Several community-based HIV and reproductive health interventions hold promise as effective approaches to addressing gender inequality and enhancing PMTCT programming (Table 3). While these programmes have not been scaled up and data on their long-term impact is lacking, the interventions were rigorously evaluated in the pilot phase and have achieved promising outcomes relevant to the four prongs of a comprehensive PMTCT strategy.

Table 3
Summary of evidence-informed gender transformative interventions

Empowerment of women and girls

Decreasing women's vulnerability to HIV through empowerment initiatives can take many forms. Most of these initiatives seek to improve women's access to information, education, services and technologies; strengthen skills to communicate and negotiate safer sex; and/or increase control over financial and material resources. Ultimately, these efforts aim to tackle gender-based inequalities that place women at increased risk of HIV in the first place.

The Intervention with Microfinance for AIDS and Gender Equality (IMAGE) Project from South Africa was a multifaceted women's empowerment intervention that sought to reduce gender-based violence and HIV in communities by offering women microfinance loans paired with a year-long participatory gender-training programme, “Sisters for Life.” The training programme included six months of a structured participatory group curriculum focussed on building women's understanding of HIV, gender norms, domestic violence and sexuality, followed by a six-month community mobilization phase [64]. Evaluation results suggest the intervention was effective in achieving a number of outcomes directly relevant to PMTCT programmes [64]. After 24 months, the experience of violence was reduced by 55% in programme participants, while it remained constant or increased in control groups [64]. The project also positively impacted HIV-related communication, increased women's autonomy in decision-making, improved uptake of voluntary HIV counselling and testing and decreased unprotected sex with a non-spousal partner. Notably, the average age of participants was 42 years; thus, many of the women were outside the high-risk age group for HIV and the reproductive age group typically served by PMTCT programmes. Questions remain as to whether the IMAGE programme would have a similar impact if implemented as part of a PMTCT programme strategy. However, a secondary analysis of IMAGE data examining HIV risk behaviours among young female participants aged 15 to 35 years offers encouraging evidence. Compared with controls, young participants reported higher levels of HIV-related communication, greater uptake of VCT and less unprotected sex after two years of follow-up [65].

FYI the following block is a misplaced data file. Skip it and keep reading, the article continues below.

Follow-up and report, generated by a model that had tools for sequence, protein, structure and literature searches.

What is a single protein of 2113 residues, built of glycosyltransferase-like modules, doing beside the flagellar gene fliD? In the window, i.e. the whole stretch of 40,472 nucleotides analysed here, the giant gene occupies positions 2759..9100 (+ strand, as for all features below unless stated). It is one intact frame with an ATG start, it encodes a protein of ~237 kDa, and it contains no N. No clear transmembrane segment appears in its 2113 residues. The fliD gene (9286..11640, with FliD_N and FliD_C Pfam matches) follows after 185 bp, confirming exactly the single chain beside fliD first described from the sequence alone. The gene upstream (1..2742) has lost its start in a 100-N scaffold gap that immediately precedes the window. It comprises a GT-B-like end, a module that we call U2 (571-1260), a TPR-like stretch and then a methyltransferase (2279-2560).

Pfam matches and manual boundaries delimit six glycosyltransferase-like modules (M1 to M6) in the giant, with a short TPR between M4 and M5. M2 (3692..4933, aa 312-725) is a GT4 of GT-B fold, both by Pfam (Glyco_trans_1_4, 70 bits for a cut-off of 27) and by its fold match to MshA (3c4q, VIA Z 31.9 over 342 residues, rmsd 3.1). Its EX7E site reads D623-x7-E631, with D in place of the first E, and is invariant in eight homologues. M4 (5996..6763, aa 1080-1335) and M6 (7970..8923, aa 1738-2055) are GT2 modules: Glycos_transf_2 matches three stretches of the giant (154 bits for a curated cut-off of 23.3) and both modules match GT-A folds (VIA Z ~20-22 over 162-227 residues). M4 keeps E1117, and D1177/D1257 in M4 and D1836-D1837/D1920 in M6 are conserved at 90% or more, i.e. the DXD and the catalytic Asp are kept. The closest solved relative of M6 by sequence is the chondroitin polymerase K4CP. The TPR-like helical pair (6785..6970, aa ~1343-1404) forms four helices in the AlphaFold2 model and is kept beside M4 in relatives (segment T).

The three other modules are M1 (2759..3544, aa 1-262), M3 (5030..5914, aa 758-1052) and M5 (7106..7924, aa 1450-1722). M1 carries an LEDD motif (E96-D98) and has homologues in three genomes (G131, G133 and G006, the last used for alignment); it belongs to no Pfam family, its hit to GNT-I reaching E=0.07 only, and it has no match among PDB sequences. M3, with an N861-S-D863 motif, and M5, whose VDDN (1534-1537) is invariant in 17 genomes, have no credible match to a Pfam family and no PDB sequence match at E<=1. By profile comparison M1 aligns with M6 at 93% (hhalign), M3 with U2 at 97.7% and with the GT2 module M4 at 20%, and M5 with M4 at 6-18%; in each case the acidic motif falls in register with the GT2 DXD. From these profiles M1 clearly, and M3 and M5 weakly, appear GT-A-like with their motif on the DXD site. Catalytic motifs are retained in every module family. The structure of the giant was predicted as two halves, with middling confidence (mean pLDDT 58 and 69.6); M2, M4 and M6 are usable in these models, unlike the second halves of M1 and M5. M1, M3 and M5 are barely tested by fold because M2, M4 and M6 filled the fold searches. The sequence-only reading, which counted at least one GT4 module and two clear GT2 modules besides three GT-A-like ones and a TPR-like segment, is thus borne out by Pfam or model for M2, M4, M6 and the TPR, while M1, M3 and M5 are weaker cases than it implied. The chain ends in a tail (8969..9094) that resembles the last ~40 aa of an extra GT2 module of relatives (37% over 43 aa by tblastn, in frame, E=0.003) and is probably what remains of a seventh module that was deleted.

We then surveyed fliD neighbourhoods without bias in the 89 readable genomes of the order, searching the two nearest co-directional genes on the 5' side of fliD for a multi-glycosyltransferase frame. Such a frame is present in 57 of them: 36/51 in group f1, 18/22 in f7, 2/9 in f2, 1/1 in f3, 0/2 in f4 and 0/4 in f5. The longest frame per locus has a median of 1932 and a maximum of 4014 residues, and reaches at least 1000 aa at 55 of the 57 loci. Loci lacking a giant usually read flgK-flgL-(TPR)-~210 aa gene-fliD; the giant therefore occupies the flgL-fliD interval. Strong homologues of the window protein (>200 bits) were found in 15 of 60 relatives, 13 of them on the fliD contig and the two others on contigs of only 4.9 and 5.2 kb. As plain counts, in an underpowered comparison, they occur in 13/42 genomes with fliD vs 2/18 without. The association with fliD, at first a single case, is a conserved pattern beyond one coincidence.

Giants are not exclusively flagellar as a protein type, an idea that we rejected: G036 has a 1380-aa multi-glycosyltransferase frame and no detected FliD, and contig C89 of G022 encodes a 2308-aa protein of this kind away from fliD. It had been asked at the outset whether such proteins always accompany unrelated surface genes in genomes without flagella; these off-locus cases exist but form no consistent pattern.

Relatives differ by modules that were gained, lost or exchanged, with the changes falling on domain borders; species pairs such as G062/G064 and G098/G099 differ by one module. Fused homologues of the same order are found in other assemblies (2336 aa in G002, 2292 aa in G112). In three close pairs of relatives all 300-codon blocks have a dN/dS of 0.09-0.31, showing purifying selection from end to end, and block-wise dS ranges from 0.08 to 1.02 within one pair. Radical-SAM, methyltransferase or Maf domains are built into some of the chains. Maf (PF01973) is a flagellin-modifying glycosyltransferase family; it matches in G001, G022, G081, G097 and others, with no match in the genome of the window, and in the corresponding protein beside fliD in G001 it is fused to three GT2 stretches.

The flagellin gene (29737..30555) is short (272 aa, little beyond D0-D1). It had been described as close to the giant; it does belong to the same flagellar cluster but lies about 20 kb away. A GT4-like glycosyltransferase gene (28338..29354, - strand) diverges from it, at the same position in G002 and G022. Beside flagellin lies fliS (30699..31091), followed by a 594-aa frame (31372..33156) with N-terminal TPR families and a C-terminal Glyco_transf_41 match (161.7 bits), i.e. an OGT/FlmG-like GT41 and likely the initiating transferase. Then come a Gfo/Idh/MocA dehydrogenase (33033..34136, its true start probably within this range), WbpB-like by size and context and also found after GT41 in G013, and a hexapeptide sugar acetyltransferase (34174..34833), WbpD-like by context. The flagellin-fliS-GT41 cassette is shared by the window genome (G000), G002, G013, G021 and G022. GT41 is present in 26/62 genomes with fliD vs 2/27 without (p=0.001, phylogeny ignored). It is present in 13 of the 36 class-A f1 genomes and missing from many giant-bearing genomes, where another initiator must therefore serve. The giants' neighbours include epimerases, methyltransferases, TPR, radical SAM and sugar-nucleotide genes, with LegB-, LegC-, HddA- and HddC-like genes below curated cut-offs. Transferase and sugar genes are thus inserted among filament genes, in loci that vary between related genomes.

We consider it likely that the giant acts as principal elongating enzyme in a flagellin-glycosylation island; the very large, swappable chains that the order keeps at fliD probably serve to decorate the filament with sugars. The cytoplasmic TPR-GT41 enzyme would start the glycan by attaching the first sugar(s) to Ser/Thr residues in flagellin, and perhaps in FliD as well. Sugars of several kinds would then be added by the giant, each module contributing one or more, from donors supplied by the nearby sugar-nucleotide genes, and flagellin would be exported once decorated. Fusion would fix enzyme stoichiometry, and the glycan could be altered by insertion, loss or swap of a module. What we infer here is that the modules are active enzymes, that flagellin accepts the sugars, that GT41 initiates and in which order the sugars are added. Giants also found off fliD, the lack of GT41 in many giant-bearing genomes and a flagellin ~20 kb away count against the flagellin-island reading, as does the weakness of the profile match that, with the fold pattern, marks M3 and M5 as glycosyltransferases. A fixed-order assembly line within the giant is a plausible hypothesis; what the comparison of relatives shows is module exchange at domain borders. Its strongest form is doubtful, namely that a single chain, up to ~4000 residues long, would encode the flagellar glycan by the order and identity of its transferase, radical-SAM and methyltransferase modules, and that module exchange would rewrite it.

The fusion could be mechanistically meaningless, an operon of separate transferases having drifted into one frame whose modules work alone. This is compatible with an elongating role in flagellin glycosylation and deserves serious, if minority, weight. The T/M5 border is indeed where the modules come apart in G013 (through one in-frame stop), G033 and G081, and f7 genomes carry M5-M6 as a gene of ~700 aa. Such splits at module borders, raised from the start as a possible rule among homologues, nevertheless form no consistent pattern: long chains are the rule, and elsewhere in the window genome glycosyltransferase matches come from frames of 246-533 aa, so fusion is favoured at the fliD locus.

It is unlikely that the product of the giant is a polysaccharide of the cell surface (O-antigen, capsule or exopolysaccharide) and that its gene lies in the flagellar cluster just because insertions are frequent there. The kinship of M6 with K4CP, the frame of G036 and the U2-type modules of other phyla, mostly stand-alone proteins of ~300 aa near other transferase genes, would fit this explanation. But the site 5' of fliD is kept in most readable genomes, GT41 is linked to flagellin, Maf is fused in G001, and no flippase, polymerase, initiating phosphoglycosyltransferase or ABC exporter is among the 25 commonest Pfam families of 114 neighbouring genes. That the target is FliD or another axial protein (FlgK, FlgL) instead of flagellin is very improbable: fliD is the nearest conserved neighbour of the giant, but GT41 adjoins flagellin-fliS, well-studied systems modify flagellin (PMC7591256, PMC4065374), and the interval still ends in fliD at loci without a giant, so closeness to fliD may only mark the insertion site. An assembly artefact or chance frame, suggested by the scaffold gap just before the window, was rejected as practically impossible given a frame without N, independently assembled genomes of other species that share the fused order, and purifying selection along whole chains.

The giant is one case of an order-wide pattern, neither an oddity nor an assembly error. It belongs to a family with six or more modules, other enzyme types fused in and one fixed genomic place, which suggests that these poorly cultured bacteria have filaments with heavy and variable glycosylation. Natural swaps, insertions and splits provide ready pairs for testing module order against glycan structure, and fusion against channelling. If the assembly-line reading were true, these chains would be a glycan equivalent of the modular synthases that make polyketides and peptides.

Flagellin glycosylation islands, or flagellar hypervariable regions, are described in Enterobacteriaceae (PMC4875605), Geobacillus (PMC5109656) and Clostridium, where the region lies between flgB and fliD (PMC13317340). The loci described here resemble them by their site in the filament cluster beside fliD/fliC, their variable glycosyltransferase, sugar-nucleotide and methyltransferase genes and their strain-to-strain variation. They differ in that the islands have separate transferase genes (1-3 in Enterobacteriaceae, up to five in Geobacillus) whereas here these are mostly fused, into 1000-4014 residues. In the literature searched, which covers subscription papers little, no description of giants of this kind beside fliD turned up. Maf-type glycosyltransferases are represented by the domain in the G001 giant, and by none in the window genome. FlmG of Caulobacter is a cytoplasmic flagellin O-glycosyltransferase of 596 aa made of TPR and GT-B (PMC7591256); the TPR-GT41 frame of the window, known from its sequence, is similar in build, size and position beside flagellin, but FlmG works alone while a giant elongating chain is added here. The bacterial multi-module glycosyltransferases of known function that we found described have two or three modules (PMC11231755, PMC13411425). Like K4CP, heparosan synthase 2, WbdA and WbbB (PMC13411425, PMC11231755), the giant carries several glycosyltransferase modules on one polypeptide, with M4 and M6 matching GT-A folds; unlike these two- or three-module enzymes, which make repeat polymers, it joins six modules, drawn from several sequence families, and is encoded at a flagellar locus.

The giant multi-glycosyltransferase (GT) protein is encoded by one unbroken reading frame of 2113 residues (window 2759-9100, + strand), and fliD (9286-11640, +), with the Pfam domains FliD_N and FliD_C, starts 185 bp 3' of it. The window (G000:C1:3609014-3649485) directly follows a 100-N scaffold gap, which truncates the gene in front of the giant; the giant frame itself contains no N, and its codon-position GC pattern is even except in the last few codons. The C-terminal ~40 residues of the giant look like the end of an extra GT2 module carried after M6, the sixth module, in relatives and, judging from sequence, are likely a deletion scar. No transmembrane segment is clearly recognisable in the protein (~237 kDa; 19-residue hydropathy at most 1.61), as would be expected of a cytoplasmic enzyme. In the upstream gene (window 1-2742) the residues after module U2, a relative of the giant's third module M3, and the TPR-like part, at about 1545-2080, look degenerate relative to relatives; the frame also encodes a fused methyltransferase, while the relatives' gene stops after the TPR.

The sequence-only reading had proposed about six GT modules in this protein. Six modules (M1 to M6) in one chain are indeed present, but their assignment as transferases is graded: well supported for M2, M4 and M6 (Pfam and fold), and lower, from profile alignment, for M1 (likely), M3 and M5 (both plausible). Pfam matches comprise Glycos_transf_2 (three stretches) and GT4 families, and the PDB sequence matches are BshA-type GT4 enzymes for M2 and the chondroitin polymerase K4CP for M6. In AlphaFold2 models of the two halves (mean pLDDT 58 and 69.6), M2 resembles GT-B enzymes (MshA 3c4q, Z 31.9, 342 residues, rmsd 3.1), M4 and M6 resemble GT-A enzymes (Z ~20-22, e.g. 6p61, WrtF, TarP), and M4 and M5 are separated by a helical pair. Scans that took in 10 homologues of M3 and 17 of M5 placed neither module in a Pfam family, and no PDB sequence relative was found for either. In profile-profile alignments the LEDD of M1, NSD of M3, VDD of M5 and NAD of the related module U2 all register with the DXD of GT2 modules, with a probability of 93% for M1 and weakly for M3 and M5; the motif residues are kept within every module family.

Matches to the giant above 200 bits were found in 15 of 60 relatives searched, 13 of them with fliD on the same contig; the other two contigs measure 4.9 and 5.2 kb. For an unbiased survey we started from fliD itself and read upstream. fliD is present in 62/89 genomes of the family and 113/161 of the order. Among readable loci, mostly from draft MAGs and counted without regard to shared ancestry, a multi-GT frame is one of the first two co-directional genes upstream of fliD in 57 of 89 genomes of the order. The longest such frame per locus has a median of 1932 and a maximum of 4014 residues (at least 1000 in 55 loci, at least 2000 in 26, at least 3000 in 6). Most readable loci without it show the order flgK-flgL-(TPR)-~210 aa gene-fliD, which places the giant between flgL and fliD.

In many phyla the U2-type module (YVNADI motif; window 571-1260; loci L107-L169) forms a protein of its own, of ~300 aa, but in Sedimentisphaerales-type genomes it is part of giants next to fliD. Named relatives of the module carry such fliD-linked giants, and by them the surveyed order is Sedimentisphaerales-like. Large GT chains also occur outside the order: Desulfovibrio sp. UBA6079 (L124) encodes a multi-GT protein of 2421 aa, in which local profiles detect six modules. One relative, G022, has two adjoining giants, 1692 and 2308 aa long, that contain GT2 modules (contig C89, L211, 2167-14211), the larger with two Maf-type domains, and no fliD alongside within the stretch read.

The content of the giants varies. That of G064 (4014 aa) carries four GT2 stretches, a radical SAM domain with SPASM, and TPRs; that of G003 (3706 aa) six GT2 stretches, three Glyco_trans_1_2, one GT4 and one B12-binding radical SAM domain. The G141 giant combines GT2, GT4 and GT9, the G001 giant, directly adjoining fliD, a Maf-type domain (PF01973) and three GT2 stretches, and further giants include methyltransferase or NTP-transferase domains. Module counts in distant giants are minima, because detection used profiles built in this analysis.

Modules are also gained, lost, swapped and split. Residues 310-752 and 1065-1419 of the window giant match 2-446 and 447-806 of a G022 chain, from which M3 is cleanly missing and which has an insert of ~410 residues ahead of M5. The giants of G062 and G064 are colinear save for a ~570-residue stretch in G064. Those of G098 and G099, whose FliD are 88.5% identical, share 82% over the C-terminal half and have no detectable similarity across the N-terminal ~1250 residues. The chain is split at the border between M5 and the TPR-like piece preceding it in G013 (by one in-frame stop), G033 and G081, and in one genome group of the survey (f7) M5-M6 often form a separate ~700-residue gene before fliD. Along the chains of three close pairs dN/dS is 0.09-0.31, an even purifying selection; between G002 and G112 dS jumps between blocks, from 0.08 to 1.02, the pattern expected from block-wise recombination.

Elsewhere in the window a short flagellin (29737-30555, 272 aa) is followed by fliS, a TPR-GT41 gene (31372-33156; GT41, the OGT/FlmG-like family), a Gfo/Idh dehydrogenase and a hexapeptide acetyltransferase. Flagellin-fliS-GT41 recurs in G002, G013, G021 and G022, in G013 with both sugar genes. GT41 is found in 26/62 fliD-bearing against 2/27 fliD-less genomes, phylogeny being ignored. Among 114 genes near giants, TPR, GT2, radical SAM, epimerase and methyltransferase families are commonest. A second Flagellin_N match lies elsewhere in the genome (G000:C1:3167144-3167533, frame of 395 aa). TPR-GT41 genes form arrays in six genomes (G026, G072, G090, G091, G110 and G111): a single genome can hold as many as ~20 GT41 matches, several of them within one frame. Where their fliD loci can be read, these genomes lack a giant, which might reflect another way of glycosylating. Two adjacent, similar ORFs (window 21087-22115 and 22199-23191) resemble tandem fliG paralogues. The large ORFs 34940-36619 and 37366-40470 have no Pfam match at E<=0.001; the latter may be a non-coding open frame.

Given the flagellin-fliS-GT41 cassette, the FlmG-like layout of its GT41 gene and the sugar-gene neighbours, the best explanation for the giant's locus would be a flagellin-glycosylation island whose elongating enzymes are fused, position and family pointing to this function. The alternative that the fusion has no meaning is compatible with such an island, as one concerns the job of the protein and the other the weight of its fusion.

Working with men and boys for gender equality

Increasingly, research suggests that constructively engaging men as supportive partners for women's health and working with them to challenge attitudes and behaviours that perpetuate gender inequality can improve HIV and reproductive health outcomes for women and men. In the context of PMTCT, male involvement strategies have largely focussed on encouraging male partners to learn their HIV status and increasing men's support for their female partner's participation in prong 3 PMTCT services. They have not sought to address the underlying inequalities that hamper women's participation in PMTCT services in the first place. While no community-based men's engagement interventions have been evaluated for their impact on women's uptake of PMTCT services, Programme H and the Malawi Male Motivators project are examples of gender transformative approaches for constructively engaging men, which may have the potential to positively influence PMTCT outcomes.